• rate this
    +5

    Comment number 29.

    The most important policeman to me is the one who comes to me if I need them, not the overpaid figure head.

  • rate this
    +3

    Comment number 28.

    I hope a start in clearing out the Chief Constables who were promoted because of their willingness to adopt Labour's politically correct agenda.

    The riots showed how the cadre of Chief police officers promoted under Labour are ineffective, box ticking, risk averse, social workers.

    Hopefully we can eventually get back to impartial but tough and effective policing.

  • rate this
    +1

    Comment number 27.

    I wish him the best of luck. This job has got to be the 'poison chalice' of Policing in this Country. He will never be allowed to do his job properly because this is and always will be a political appointment. Hugh Orde was the obvious choice but he speaks his mind; I am sorry for Mr House, he was 'told' to apply, how cruel is that?

  • rate this
    +3

    Comment number 26.

    Let's hope he can get on with job and not all the PC drivel that hinders modern policing.I also he isn't bushwhacked by Bozza or May and we find ourselves seeing this process repeated in 18 months time.

  • rate this
    -8

    Comment number 25.

    What a joke watch the interview praises Stevenson, the last guy who couldn't even protect the royals with access to all the best information and employed Murdoch's.Hogan taking about making criminals fear the police that what you call the police standing there watching looters and doing nothing. Cant even string two coherent sentences together do these people get lessons in talking nonsense!

  • rate this
    0

    Comment number 24.

    A sad, political appointment, of a man who has already shown that he's willing to be controlled by the tory party. Another commissioner who has a shelf life. If as expected, Livingston wins back the Mayor next year, then Hogan-Howe's position will be untenable. Seems like May has learned nothing, and is more interested in pursuing a political agenda. Hugh Orde would have been the natural choice.

  • rate this
    -7

    Comment number 23.

    I looked at the picture & thought they'd promoted Sgt Bob Cryer for a second.

  • rate this
    +9

    Comment number 22.

    I worked under this Chief for a number of years. He is very focused and task orientated. The cops on the ground should feel confident. Those higher up the chain of command should be more worried. If you don't get the job done as prescribed then be prepared to face the consequences! I think this is an excellent appointment for the Met

  • rate this
    +4

    Comment number 21.

    Good luck to him, just hope he doesn't need it.

  • rate this
    -12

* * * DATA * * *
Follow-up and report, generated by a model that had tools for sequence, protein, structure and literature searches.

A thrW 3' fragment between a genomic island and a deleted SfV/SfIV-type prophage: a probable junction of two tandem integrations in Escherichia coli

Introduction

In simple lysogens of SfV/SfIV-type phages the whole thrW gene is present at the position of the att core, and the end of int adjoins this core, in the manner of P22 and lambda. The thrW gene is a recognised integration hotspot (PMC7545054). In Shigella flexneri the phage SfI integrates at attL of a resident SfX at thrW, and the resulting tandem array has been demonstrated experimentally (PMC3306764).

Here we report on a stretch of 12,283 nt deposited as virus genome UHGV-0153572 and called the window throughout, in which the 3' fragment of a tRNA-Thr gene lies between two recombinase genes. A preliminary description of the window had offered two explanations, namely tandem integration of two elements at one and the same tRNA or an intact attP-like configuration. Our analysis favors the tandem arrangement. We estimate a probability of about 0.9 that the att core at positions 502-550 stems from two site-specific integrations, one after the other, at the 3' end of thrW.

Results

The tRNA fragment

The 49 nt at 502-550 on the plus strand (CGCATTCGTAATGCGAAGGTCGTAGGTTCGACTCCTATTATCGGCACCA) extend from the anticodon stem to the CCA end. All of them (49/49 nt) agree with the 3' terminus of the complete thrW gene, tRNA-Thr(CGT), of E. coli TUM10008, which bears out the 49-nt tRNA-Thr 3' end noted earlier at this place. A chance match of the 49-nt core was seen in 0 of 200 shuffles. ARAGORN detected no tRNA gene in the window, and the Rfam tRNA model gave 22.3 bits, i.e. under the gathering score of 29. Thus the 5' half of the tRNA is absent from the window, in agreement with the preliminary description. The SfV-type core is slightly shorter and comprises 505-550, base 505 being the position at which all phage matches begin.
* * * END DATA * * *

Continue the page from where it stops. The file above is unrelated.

Comment number 20.

    Best wishes and good luck.

    Pity it wasn't someone who was unemployed, though. There are far too many people who need a job desperately to be happy about already wealthy folks drifting from a job they already have or secure retirement into another one.

  • rate this
    +6

    Comment number 19.

    He rid the streets of Liverpool of the guns, which took some doing. The gangsters feared him. He's good, very good. He will do a good job in London, if he is given the support that he needs, when he needs it from those around him.

  • rate this
    -1

    Comment number 18.

    Is he a mason??

  • rate this
    +2

    Comment number 17.

    It doesn't matter who is "in the chair" as long as the courts keep passing lenient sentences. The only time we need the politicians to get involved is to cough up the money to build more prisons.

  • rate this
    +3

    Comment number 16.

    He did a nice job for Merseyside and sorted out some of the problems of a small niumber of corrupt police and childish behaviour by some of the Merseyside Police Force.
    All it needs now is for Merseyside detectives to be universirty educated in forensic science and the law and replace the 'dead man's shoes' kind of copper that infests the detective Force at the moment.

  • rate this
    +1

    Comment number 15.

    @4 "When is his first meeting with News International?"

    From his time spent on merseyside he's hopefully developed his views on News International

  • rate this
    0

    Comment number 14.

    Fast-track career policeman with first class education, experience of rural and inner-city issues, looks good and promises to be an excellent choice. Now he has to tackle the real problems which are gang and financial crime.

  • rate this
    +1

    Comment number 13.

    This is great news; I had nothing but praise after the way Mr Hogan-Howe dealt with the trial of the people convicted when Reece, the young child, was shot, in Liverpool, and had to email him and congratulate him and now I am emailing to send my Congratulations once again - it had to be him who got the job.

  • rate this
    -1

    Comment number 12.

    From my experiences with the met police, it will take a lot for me to have faith in them. I wish him well.